Hats off to Cynthia Leitich Smith for today's link to Nancy Etchemendy's article on Writers and Depression. Not only is the article link timely (because so many people consider suicide during the holidays), the piece should be required reading for any writer, artist or creative soul.
The fact that so many creative types suffer from depression doesn't surprise me. It's an insidious condition, one that often masquerades as fatigue, illness, stress, you name it. All too often we pass off the symptoms as casualties of our avocation. We joke about our addictions to Diet Coke. We commiserate about our insecurities. We muscle through our days.
Don't get me wrong. I'm not saying every tired, Diet Coke addicted writer is depressed. What I am saying is that we're prone to it. And with good reason.
Writers are sensitive souls. We don't need to work at emphathizing with others; we do so automatically. The problem is we don't just celebrate with others, we feel their pain as well. Knowing writers work in this way, is it any wonder so many of us struggle with depression?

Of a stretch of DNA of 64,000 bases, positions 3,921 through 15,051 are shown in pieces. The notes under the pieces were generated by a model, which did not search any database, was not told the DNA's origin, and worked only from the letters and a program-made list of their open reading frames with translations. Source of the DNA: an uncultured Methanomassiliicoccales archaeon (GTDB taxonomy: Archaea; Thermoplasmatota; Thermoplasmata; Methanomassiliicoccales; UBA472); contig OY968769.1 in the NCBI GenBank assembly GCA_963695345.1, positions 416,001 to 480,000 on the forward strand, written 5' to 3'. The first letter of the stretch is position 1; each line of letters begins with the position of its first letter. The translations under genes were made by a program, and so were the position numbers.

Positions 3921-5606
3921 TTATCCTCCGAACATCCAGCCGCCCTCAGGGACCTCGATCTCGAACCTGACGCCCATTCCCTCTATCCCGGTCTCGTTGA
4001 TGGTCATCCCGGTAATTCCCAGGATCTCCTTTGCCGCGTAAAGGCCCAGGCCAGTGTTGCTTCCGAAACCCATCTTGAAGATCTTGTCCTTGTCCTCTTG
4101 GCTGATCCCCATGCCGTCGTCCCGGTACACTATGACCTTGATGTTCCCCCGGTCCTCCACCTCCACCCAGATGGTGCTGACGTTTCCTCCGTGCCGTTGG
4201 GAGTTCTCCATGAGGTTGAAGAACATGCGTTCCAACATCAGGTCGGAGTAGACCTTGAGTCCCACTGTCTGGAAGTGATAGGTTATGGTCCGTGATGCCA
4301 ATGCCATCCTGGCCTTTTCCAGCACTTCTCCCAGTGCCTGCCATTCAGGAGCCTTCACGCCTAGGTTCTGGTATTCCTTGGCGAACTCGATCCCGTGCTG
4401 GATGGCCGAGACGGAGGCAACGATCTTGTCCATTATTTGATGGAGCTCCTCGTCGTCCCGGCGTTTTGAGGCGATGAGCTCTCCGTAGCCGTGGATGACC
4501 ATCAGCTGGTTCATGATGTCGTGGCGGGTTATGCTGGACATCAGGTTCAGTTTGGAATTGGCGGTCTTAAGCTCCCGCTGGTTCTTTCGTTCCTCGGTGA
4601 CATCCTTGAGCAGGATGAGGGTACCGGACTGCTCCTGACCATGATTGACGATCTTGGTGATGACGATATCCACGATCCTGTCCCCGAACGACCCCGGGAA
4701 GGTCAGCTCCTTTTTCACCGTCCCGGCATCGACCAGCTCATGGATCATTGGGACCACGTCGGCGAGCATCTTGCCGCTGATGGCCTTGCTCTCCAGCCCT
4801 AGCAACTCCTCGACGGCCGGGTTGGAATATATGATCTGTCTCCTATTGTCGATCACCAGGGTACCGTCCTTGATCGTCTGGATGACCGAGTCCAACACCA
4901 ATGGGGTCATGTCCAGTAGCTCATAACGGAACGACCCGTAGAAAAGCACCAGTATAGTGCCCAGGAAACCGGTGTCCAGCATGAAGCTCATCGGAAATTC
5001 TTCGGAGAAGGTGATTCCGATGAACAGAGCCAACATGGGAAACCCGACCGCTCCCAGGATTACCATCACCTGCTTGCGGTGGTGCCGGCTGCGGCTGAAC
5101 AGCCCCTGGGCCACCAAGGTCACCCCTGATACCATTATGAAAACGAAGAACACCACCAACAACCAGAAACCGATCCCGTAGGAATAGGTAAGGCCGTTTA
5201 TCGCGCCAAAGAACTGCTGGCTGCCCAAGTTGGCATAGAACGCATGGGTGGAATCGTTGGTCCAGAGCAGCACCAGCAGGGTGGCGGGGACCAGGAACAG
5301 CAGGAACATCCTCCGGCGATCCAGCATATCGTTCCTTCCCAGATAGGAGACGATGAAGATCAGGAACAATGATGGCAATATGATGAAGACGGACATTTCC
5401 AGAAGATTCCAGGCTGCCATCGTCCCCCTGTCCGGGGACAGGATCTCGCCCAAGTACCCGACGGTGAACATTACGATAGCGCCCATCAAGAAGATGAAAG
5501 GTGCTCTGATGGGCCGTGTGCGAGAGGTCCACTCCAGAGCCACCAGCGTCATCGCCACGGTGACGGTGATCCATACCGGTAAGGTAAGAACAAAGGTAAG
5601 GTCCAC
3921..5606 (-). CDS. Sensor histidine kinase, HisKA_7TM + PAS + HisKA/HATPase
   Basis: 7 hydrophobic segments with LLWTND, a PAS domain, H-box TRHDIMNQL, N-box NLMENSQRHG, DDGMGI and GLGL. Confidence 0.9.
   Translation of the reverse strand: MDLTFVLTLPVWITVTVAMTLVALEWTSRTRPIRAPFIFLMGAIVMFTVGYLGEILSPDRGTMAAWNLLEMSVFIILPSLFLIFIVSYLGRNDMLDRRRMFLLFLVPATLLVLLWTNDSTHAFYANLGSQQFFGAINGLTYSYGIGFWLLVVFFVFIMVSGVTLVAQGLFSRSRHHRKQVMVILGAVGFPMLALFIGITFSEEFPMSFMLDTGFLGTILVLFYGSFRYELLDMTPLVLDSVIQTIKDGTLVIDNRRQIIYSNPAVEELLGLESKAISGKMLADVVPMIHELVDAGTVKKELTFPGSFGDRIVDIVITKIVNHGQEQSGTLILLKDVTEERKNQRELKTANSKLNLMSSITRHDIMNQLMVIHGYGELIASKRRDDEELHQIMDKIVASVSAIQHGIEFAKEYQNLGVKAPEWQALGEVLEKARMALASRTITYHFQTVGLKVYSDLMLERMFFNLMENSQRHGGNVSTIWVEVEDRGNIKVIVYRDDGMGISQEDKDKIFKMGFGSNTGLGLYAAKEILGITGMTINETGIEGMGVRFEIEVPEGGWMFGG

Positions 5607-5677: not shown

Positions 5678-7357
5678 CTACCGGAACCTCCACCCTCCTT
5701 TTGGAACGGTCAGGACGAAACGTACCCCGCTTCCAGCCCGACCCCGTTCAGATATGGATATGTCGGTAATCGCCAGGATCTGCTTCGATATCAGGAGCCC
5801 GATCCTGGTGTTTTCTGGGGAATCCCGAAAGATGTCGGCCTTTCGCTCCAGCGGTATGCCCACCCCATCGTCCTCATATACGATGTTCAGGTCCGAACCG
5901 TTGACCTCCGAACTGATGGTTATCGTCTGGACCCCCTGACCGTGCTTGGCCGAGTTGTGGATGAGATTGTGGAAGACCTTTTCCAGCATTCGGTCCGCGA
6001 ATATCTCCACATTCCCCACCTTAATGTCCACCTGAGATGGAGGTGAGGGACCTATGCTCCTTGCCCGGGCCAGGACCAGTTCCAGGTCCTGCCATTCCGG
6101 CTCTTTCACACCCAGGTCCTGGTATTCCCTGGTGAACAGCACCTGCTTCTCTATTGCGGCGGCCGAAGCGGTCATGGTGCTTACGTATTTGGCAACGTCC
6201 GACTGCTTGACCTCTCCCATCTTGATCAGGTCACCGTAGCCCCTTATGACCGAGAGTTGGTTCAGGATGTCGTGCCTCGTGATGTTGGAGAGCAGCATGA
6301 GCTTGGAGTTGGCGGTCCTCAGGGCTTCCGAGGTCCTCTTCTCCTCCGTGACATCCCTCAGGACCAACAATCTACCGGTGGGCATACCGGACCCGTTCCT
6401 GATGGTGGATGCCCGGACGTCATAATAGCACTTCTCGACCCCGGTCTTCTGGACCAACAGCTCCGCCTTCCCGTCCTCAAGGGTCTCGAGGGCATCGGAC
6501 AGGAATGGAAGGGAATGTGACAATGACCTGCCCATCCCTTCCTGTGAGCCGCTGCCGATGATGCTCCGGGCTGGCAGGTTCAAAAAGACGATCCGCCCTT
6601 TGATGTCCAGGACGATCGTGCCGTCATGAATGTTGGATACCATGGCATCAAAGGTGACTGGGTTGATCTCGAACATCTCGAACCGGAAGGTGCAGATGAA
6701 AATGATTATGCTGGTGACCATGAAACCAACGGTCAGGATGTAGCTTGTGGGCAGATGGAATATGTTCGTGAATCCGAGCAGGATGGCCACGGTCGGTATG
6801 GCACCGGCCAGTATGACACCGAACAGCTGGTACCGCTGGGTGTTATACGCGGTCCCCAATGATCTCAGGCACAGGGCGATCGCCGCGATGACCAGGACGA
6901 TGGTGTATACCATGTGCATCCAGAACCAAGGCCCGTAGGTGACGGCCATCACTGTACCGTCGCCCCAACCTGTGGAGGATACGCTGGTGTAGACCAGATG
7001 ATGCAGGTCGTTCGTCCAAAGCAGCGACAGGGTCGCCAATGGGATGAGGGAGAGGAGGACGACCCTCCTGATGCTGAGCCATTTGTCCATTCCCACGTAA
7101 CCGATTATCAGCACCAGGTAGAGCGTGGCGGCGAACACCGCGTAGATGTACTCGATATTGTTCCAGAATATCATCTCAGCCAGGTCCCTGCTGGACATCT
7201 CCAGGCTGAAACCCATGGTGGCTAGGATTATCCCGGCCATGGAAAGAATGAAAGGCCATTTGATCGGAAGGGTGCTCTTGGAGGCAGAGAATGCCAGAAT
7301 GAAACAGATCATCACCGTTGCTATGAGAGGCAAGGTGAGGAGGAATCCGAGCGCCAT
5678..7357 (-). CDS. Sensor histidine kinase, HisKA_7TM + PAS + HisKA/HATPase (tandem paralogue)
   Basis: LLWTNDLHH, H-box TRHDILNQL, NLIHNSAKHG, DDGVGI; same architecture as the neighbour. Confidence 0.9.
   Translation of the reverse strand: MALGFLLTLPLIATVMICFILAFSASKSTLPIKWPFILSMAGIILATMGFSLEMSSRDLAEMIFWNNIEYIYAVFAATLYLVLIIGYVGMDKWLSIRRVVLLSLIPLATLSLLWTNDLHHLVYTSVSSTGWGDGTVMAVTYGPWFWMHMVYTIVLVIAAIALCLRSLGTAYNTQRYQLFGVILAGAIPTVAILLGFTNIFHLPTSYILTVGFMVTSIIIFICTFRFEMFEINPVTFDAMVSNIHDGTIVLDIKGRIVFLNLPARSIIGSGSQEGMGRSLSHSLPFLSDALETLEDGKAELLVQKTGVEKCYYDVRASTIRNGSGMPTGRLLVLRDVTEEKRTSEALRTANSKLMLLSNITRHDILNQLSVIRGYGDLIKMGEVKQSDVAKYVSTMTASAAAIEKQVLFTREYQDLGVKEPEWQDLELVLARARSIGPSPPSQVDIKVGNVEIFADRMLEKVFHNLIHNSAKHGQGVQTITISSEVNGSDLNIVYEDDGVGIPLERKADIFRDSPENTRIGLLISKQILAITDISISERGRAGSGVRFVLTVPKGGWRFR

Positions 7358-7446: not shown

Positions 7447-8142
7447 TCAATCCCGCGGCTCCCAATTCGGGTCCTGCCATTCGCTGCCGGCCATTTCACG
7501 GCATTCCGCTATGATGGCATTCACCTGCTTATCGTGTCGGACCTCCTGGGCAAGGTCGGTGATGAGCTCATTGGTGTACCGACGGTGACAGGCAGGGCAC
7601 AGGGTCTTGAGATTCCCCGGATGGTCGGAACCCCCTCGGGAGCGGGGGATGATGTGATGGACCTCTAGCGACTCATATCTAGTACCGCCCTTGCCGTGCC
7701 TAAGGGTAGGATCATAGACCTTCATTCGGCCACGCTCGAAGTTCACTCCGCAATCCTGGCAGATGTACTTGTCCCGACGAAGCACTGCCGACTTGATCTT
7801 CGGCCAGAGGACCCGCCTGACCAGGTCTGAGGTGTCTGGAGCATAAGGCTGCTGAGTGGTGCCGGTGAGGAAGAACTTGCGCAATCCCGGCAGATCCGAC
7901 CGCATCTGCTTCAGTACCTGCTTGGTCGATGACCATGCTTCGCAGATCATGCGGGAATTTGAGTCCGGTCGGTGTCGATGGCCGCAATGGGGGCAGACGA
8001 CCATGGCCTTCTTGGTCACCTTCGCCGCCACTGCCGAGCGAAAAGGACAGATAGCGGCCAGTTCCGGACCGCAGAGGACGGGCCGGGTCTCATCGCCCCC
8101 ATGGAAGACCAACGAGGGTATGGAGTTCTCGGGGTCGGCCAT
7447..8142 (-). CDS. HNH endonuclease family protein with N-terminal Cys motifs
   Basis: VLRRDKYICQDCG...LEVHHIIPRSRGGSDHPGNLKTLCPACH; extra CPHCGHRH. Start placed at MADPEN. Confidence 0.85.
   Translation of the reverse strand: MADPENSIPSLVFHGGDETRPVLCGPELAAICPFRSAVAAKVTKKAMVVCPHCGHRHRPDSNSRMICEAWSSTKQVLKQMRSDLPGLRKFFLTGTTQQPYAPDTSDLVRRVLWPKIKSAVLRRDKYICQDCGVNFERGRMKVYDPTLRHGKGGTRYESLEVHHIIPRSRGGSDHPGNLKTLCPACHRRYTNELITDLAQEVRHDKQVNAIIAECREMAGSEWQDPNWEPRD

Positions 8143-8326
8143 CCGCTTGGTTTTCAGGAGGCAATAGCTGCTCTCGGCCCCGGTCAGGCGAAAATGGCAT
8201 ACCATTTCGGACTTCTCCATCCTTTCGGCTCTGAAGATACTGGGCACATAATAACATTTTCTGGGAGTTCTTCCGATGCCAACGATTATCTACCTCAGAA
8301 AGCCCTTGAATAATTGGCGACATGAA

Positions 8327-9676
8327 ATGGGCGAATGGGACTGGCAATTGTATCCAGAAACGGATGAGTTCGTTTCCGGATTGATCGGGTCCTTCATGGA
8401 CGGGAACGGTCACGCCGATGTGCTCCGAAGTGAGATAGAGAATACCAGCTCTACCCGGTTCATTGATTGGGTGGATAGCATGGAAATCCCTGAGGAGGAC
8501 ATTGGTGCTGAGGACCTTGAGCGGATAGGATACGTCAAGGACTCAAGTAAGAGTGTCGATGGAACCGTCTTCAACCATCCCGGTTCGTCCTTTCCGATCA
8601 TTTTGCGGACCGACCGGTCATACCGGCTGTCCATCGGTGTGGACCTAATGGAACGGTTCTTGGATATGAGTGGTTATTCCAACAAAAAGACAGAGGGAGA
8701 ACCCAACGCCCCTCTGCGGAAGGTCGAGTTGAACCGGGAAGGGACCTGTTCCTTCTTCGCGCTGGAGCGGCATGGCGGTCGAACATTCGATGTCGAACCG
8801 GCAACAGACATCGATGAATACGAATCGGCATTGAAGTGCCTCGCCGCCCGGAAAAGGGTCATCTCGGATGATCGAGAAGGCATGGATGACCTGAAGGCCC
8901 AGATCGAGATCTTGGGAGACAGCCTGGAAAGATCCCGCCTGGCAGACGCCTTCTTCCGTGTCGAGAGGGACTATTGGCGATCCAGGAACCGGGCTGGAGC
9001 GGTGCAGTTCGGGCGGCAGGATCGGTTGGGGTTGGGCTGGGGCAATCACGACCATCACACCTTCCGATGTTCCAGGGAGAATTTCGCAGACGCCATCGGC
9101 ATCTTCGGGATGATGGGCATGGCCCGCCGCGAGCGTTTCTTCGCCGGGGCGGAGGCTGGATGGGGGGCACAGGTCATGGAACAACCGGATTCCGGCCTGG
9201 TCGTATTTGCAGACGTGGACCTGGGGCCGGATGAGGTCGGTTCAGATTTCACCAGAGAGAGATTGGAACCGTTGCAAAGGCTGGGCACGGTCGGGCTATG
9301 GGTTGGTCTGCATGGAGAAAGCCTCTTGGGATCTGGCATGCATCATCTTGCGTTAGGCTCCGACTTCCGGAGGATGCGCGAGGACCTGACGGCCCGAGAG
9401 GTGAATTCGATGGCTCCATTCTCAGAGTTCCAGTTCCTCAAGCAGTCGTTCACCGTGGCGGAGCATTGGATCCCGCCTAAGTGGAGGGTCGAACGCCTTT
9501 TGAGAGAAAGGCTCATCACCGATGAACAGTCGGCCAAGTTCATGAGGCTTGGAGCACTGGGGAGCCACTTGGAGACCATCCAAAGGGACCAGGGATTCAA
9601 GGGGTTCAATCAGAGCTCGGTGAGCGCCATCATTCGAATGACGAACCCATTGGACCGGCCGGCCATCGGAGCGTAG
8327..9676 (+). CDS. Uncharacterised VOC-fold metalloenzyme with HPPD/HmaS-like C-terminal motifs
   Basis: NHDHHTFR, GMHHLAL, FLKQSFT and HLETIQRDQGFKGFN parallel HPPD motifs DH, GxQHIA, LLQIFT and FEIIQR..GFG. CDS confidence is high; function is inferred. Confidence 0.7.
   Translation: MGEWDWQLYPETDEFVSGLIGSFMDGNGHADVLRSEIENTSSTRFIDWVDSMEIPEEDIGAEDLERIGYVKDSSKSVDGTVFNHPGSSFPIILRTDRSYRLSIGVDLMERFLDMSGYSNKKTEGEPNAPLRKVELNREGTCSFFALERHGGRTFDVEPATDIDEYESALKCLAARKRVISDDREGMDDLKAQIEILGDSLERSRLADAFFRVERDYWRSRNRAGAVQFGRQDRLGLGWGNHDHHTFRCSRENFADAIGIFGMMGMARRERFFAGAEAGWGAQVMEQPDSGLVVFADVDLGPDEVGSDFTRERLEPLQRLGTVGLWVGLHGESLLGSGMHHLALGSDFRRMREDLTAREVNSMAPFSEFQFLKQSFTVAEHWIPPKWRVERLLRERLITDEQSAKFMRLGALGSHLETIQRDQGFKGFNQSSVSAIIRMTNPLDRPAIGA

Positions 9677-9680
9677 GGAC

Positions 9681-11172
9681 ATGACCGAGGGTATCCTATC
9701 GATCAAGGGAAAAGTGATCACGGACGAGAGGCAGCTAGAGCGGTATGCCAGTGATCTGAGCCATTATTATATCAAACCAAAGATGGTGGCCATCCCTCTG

Much of the work I did at Vermont College meant learning to mine my own emotions in order to understand my main character's emotional throughlines. As much as I tried in the beginning, however, I had trouble identifying my MC's deepest need.
After many months of soul searching, I realized that the main reason I was having trouble getting close to my character was that her deepest fears mirrored my own. How's that for writing behind my back, Jane? Once I realized why I was avoiding getting close to my character, KM's throughline became clear, and I made important strides in my own process as a result.
I also made connections about the writer's life in general.
It seems the very nature of our craft--the ability to inhabit our emotions long enough to bring life to our characters--makes us vulnerable...to our fears, depression, and addictions and other self-destructive behaviors.
I've no easy answers for how not to become trapped in the emotions we must embrace in order to create our art. I do know that through experience I've learned that my most powerful prose has come from the places that resonate with the strongest emotions. Which means that in order for my characters to find a way out of their darkness, I must find ways to face my own.
Making this connection about my writing hasn't been easy, but it's given me insights into my own process. Reading Etchemendy's article has given me more.